January 3, 2013


Diane M. Fremgen

Clerk of Court of Appeals







This opinion is subject to further editing.If published, the official version will appear in the bound volume of the Official Reports.


A party may file with the Supreme Court a petition to review an adverse decision by the Court of Appeals.See Wis. Stat. ß 808.10 and Rule 809.62.



Appeal No.


Cir. Ct. No.2009CV712









Community Bank & Trust,


††††††††† Plaintiff-Respondent,


†††† v.


Koenig & Vits, Inc.,


††††††††† Defendant,


Timothy M. Martinez,


††††††††† Defendant-Appellant.




††††††††††† APPEAL from a judgment of the circuit court for Manitowoc County:Darryl W. Deets, Judge.Affirmed.

††††††††††† Before Neubauer, P.J., Reilly and Gundrum, JJ.

1††††††† PER CURIAM.   Timothy Martinez appeals from damages awarded on summary judgment to Community Bank & Trust upon Martinezís guaranty of debt incurred by Koenig & Vits, Inc.We affirm because there were no genuine issues of material fact barring summary judgment in favor of the bank.

2††††††† We start with the circuit courtís summary judgment ruling.In June 2005, Martinez, a former officer and principal owner of Koenig & Vits (K&V), guaranteed K&Vís current debt to the bank and any further extensions of credit by the bank to K&V.K&V defaulted, and the bank accelerated the debt.As a result of K&Vís default, Martinez was liable on his guaranty for amounts due the bank.As of October 27, 2010, the bank was owed $536,739.40 plus interest at the contract rate of 7.5 percent.The court concluded that Martinez did not dispute any of these facts on summary judgment.

3††††††† The court reviewed Martinezís guaranty.The guaranty stated that the bank could make loans to K&V and Martinez would unconditionally guarantee those amounts.Paragraph 8 of the guaranty stated that the bank was not required to seek payment of K&Vís indebtedness from any other source in order to enforce the guaranty.

4††††††† The court rejected Martinezís argument that the debt to the bank should have been paid out of the proceeds of the receiverís sale of K&Vís assets or that the bankís debt should have had priority over other obligations of K&V.The court observed that in March 2010, K&V withdrew its objection, in Martinezís presence, to the appointment of the receiver and to the receiverís plan to sell K&Vís assets and disburse the proceeds.The order approving the asset sale directed the disbursement of the proceeds; the bank was last on the list of entities to realize funds from the proceeds.The sale proceeds satisfied two of K&Vís notes with the bank and left a balance due on a third note.The court concluded that having withdrawn their objections, K&V and Martinez could not object to the distribution of proceeds previously ordered by the court.[1]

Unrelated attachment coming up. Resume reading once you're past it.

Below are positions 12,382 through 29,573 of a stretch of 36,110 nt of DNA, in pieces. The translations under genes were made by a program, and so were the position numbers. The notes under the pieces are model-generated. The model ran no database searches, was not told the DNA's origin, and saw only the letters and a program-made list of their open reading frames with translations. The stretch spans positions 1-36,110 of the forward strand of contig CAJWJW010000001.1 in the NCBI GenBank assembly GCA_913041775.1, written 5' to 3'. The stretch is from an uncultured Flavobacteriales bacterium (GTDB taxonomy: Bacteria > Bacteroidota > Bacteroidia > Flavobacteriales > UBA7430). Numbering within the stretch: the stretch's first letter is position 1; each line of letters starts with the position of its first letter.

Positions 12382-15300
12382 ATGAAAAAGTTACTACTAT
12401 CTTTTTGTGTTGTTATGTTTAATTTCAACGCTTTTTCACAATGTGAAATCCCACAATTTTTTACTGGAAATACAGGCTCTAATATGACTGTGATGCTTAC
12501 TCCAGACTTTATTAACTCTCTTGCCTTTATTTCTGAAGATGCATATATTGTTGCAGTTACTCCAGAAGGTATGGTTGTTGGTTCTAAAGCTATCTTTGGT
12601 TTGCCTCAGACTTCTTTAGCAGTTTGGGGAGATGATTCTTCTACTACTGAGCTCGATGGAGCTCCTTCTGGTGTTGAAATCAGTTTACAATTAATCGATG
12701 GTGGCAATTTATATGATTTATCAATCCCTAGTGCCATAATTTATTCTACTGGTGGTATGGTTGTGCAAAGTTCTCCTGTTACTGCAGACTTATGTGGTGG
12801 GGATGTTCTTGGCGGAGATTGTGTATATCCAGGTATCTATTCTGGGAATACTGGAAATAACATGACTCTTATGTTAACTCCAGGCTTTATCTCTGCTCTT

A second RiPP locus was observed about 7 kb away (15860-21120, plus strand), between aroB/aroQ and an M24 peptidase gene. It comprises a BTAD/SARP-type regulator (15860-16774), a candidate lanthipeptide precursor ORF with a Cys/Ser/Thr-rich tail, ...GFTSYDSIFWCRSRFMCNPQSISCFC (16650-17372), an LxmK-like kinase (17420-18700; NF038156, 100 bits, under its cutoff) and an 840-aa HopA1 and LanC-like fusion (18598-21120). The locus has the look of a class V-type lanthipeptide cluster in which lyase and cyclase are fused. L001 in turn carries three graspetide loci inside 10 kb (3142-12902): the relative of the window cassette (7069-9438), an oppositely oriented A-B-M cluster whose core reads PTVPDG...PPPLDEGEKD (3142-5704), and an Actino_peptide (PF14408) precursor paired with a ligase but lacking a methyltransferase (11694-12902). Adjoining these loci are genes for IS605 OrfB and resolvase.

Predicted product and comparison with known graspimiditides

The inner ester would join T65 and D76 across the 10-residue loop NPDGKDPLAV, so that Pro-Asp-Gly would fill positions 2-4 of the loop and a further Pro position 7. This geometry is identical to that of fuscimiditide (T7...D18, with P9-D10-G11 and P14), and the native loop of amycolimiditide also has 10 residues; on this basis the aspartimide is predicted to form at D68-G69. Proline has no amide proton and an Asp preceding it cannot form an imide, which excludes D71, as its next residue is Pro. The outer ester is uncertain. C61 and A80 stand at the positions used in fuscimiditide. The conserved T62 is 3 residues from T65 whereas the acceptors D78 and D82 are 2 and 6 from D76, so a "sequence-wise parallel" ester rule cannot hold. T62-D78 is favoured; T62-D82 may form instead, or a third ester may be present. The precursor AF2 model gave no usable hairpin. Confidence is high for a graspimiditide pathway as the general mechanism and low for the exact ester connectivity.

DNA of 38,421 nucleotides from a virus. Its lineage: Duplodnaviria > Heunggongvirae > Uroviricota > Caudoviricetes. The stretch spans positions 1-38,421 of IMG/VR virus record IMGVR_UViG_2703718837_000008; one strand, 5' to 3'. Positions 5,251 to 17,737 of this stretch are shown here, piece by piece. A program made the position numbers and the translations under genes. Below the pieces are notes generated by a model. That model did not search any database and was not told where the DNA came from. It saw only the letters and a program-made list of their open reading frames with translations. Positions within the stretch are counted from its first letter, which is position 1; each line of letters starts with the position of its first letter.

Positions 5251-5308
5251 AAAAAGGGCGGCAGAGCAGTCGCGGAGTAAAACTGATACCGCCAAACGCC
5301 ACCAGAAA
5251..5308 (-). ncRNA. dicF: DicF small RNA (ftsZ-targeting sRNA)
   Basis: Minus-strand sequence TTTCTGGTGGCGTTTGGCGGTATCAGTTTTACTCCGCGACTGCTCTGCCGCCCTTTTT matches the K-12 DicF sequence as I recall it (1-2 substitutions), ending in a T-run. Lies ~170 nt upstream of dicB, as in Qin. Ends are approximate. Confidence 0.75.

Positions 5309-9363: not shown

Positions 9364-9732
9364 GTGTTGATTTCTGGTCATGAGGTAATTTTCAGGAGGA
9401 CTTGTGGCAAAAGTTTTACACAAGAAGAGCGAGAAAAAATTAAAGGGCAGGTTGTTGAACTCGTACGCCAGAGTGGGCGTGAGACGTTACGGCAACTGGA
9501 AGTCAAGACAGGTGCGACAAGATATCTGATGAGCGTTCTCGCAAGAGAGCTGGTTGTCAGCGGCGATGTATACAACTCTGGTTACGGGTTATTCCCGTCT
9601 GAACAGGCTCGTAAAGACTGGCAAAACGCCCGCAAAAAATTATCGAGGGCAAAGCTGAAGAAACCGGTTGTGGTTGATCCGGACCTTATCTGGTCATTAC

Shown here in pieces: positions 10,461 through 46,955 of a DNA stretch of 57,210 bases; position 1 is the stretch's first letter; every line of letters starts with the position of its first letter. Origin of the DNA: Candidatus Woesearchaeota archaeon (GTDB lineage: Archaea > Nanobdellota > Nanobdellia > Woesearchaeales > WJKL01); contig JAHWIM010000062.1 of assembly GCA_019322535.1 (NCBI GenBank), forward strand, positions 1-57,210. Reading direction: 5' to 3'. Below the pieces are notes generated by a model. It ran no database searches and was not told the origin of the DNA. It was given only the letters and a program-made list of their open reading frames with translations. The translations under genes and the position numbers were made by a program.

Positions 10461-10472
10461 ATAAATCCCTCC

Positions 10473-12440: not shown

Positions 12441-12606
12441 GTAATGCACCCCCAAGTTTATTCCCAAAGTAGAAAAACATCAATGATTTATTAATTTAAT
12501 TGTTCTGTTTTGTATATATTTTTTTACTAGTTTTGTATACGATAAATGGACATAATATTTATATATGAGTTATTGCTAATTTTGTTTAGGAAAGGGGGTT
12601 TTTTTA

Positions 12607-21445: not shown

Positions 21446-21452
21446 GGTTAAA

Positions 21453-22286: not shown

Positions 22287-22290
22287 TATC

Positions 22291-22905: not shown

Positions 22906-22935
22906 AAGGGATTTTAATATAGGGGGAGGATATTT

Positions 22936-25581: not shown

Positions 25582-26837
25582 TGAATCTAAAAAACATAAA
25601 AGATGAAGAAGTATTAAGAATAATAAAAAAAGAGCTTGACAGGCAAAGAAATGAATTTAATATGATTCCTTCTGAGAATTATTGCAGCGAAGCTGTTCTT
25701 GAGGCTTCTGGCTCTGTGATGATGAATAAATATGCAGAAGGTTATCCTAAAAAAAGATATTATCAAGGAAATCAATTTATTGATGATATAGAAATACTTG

5††††††† The court rejected Martinezís claim that the balance due on the third loan should have been reduced by escrow funds held by the bank to address environmental issues at K&V.Paragraph 8 of the guaranty did not require the bank to exhaust other resources before collecting on Martinezís guaranty.The court concluded that the bank properly established its claim on summary judgment, and Martinez did not create a factual issue relating to the amount due to the bank.†††

6††††††† We review decisions on summary judgment by applying the same methodology as the circuit court.M & I First Natíl Bank v. Episcopal Homes Mgt., Inc., 195 Wis. 2d 485, 496, 536 N.W.2d 175 (Ct. App. 1995).That methodology has been recited often and we need not repeat it here except to observe that summary judgment is appropriate when there is no genuine issue of material fact and the moving party is entitled to judgment as a matter of law.Id. at 496-97.The circuit court properly applied the summary judgment methodology to this case.

7††††††† At the outset we note that many of Martinezís arguments on appeal are resolved by (1) the provisions of his guaranty and (2) K&Vís withdrawal, in Martinezís presence, of various objections, including its objection to the order governing the distribution of the proceeds from the sale of K&Vís assets.

8††††††† Martinez argues, in various forms, that the bank could not enforce his guaranty while other funds were available to satisfy K&Vís debt.[2]The terms of the guaranty compel us to reject all permutations of this argument.Paragraph 8 of Martinezís guaranty states, in pertinent part:ďLender shall not be required first to resort for payment of the indebtedness to Borrower or other persons or their properties, or first to enforce, realize upon or exhaust any collateral security for indebtedness, before enforcing this guaranty.ĒMartinez also executed a Consent of Guarantor in which he agreed that his guaranty ďshall remain in full force and effect, subject to no defense, counterclaim or offset of any kind.ĒIt is no defense to the guaranty that other funds may be available in the future to be applied to the bankís debt.

9††††††† Martinez argues that the bank should have applied the asset sale proceeds to K&Vís debt in a different fashion and order so that the amount due on his guaranty would have been reduced.We reject this argument for two reasons.First, paragraph 8 of Martinezís guaranty does not require the bank to look to other sources of funds once K&V defaulted.Second, K&V withdrew its objection to the circuit courtís order governing distribution of the asset sale proceeds.For these reasons, Martinez cannot prevail on this argument.